BCN-11 How can oil prices be negative?

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ZCZC

BCN-11

ENERGY-OIL-NEGATIVE FOCUS

How can oil prices be negative?

PARIS, April 21, 2020 (BSS/AFP) – While a fall in oil prices is
hardly a surprise after coronavirus lockdowns hit demand just as
producers had hiked production in a war for market share, how could
they go negative?

Many no doubt thought there had been a glitch when the May futures
contract for US benchmark West Texas Intermediate (WTI) closed Monday
in New York at -$37.63.

So crude oil producers were willing to pay someone to take the
product off their hands.

How could this happen?

– Storage –

The May WTI contract plunged as the contract expires on Tuesday when
the owner of the contract is technically supposed to take delivery of
the crude.

And that is the problem: The oil storage terminal in Cushing,
Oklahoma where WTI is delivered is nearly full given the ample US
production and refineries slowing their output as gasoline demand
drops.

Meanwhile, pipeline capacity to get it out is limited.

“The oil price reflects the economic value of oil less than the cost
of storing oil,” said Stephen Innes, Chief Global Market Strategist at
AxiCorp.

“As WTI requires physical delivery and storage is very expensive to
access, the cost of storage in May exceeded the economic value of oil
in May.”

Thus traders were ready to pay others to take it off their hands.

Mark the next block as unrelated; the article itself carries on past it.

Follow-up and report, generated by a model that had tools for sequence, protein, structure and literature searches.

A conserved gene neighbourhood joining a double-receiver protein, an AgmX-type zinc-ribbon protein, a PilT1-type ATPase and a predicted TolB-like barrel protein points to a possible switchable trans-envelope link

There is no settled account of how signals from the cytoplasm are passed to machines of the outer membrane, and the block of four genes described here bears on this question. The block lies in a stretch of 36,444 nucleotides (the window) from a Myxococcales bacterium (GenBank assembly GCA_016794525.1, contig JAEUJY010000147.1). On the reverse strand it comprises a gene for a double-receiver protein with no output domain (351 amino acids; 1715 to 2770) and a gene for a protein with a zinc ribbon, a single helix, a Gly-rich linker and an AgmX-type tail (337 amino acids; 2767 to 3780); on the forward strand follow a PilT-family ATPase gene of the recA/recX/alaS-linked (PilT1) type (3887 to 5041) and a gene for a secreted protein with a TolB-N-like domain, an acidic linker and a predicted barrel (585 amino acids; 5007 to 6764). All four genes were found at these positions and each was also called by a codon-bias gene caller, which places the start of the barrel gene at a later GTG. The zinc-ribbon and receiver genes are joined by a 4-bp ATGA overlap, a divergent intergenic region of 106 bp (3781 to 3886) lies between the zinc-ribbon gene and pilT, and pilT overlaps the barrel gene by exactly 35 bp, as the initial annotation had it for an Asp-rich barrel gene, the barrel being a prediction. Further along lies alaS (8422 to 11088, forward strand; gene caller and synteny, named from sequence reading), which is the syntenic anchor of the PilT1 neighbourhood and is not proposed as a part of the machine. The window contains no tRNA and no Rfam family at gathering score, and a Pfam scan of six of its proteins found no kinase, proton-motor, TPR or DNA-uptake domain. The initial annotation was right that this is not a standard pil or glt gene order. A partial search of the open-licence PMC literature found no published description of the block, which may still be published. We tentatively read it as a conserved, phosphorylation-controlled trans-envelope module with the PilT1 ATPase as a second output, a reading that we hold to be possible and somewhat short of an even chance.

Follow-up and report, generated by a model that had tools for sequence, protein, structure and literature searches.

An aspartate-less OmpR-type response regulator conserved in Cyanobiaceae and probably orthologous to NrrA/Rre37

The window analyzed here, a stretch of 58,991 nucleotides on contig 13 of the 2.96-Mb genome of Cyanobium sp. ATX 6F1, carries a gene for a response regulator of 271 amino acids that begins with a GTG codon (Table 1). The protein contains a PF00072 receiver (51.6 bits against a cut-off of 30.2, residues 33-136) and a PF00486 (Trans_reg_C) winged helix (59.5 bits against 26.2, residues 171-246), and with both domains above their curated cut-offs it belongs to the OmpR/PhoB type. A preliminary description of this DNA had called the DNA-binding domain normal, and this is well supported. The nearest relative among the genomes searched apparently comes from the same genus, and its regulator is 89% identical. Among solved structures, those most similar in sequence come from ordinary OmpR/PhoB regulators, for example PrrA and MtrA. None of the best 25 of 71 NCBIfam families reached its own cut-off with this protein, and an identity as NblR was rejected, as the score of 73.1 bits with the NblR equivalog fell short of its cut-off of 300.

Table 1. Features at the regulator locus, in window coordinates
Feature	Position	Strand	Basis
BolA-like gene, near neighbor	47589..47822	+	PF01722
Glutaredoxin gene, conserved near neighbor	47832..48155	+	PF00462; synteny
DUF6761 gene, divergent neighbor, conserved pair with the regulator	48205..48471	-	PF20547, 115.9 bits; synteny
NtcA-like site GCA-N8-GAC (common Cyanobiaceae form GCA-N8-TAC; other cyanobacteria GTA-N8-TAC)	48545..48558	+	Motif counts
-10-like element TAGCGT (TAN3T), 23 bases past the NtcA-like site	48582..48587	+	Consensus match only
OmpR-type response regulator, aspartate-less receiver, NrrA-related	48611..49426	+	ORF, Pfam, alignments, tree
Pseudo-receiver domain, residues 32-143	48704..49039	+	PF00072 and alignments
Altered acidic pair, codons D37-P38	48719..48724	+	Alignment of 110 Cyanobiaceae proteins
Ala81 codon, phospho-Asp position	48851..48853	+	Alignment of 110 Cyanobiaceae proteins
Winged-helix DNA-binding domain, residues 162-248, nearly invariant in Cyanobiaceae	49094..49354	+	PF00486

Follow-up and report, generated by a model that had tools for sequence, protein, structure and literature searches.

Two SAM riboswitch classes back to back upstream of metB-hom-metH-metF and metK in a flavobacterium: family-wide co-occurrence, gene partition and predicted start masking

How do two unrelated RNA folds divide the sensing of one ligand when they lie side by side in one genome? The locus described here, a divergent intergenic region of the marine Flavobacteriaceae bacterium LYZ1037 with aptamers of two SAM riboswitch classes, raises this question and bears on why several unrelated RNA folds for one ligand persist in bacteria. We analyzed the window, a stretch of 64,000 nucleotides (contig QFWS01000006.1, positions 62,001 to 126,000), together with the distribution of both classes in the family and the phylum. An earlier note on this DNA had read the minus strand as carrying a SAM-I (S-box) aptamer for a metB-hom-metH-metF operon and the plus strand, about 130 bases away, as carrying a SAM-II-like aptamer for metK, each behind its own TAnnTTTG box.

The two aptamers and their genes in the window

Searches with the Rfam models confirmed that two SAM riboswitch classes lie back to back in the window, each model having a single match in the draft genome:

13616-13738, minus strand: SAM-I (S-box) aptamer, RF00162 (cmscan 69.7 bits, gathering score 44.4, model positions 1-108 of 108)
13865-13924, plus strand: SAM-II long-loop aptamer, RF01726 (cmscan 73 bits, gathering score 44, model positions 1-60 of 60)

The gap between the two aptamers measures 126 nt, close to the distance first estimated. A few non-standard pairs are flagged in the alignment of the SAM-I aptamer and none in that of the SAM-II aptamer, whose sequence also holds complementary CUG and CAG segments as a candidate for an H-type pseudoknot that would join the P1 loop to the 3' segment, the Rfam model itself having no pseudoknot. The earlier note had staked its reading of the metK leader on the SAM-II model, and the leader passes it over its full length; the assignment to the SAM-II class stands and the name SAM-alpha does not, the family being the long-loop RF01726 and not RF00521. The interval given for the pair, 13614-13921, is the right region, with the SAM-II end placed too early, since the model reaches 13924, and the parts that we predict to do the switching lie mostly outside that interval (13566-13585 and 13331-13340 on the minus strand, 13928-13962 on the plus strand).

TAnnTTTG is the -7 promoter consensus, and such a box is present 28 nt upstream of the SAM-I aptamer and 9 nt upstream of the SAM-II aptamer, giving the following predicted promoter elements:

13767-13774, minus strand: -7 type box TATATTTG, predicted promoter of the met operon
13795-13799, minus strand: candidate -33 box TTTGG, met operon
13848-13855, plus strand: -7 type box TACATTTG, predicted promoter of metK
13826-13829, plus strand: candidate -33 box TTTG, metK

Other US oil contracts have also turned negative recently as storage
options run out.

– What future(s)? –

The crash also called attention to the fact that most oil trading is
in futures, not physical barrels of oil.

With a such a contract the delivery of the commodity is carried out
at a later date.

Futures trading help market participants by allowing them to lock
into prices, either to sell or buy, but also allows for speculation.

Those who speculate on oil futures and never want to hold it had to
get out of the WTI May contract before it expires on Tuesday, adding
to the downward pressure.

It is instructive to look at the June WTI contract, which has also
been falling, but was going for around $16.60 in afternoon European
trading on Tuesday.

The major international benchmark, Brent, is already trading on
June. It held around $20 on Tuesday but this is also considerably
lower than even in recent days.

Holders of these contracts won’t need to accept delivery until June,
when many hope demand for gasoline and jet fuel to pick up as
countries ease their lockdowns.

But that is just an expectation, and much will also depend on what
oil producers do.

The OPEC oil cartel and a number of other major producing nations
have agreed to cut daily output by 10 million barrels per day in May.

Some analysts believe demand has dropped by 30 million barrels per
day, meaning output could continue to outstrip demand.

“So, unless there is some type of coordinated intervention, June
could become worthless as well,” said Innes.

BSS/AFP/MRU/1935hrs